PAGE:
Comcast Corp. (Nasdaq: CMCSA), the U.S. cable company awaiting regulatory approval to buy Time Warner Cable Inc. (NYSE: TWX), reported profit that beat estimates as new high-speed Internet customers more than made up for declining video subscribers.
Third-quarter earnings were 73 cents a share, excluding tax adjustments and acquisition-related expenses, Comcast said today in a statement. That topped the 71 cents that analysts projected on average, according to estimates compiled by Bloomberg. Revenue rose 4 percent to $16.79 billion, just shy of the $16.81 billion estimated by analysts.
Cable operators like Comcast are relying more on broadband users for revenue growth as new TV subscribers are harder to come by. More content is being offered via online services like Netflix Inc. and HBO’s upcoming online subscription, encouraging cable customers to cut the cord. The increasing reliance on broadband sign-ups is helping boost profit margins, according to David Heger, an analyst at Edward Jones & Co.
“From the point of view of a cable company, you really want to see broadband growth more so than cable-TV growth because it’s much more profitable,” Heger, who has a buy rating on the stock, said in an interview before the earnings release. “For a Comcast, it’s really broadband and a bigger push into the business market” that are fueling growth, he said.
The Philadelphia-based company signed up 315,000 new broadband customers in the quarter. That was better than the 288,000 and 300,000 additions estimated by Matthew Harrigan, an analyst at Wunderlich Securities, and Todd Mitchell, an analyst at Brean Capital, respectively. TV subscribers fell by 81,000, better than the drop of 127,000 a year ago.
Comcast’s third-quarter net income rose to $2.59 billion, or 99 cents a share, from $1.73 billion, or 65 cents, a year earlier.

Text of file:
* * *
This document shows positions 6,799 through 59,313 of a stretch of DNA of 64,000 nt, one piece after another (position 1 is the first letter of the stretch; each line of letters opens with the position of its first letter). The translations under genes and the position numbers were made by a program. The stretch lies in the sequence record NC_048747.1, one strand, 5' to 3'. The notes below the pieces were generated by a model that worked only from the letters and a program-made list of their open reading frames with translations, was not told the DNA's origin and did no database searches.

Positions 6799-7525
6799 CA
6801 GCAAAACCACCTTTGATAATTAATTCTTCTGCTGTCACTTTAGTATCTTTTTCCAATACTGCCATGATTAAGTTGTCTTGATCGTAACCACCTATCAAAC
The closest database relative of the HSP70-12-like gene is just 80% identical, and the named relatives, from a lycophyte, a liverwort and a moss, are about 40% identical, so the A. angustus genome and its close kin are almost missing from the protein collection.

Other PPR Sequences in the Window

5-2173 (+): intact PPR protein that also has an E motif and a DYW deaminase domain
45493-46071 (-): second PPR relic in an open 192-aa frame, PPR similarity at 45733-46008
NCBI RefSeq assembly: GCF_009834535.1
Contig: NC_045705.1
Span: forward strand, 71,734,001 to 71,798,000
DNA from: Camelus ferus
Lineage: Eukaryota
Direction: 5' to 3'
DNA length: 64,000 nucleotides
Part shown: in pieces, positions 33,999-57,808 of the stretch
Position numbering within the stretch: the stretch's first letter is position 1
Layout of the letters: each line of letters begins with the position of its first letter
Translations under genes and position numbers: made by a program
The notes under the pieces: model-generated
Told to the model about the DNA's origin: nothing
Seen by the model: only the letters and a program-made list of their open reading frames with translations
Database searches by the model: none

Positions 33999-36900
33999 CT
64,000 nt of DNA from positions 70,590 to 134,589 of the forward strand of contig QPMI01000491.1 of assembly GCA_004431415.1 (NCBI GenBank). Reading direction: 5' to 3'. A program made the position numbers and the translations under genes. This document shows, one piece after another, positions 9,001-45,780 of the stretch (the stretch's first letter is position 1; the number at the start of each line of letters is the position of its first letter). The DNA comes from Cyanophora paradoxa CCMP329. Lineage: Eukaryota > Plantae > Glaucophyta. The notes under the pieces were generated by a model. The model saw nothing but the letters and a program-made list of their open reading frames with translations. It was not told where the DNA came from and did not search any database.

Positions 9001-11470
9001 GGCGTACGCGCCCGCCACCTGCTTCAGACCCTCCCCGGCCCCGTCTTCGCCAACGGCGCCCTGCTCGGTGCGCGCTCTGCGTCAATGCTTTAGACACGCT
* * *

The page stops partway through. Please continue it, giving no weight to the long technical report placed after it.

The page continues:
A customer’s average monthly bill rose to $137.24 a month. More than a third of Comcast’s customers subscribe to all three services: Internet, voice and video.
Comcast’s proposed $45.2 billion takeover of Time Warner Cable, the second-largest U.S. cable-TV company, is at risk of taking longer to complete as regulators resolve disputes over programming contracts. The Federal Communications Commission yesterday stopped the clock in its review and suspended deadlines for comments in this deal, as well as AT&T Inc.’s agreement to purchase DirecTV.
“Since the deal was announced, it’s been a cloud of uncertainty,” Heger said. “It’s been a big factor on why the shares have been underperformers this year.”
Through yesterday, Comcast shares had fallen 6.8 percent since the Time Warner Cable deal was announced in February. The Standard & Poor’s 500 Index has increased 5.9 percent during the same period.
For Comcast, the merger is, in part, being motivated by the falling number of Americans paying for TV. That’s left companies focused on retaining customers instead of chasing new ones.
Comcast is also facing skeptical consumers who routinely rate it among the worst for customer service in the U.S. Earlier this month, a former employee of PricewaterhouseCoopers LLP sued Comcast and claimed the company ruined his professional career. The cable operator had previously apologized publicly, while denying that any of its employees asked that he be fired.
Sales at Comcast’s NBCUniversal group rose 1.2 percent to $5.92 billion, driven by higher revenue from the theme parks, as well as broadcast and cable networks.
The film division, which includes the Universal Pictures studio, generated $1.19 billion in sales, a 15 percent drop from a year ago when the studio released the sequel in the lucrative “Despicable Me” franchise.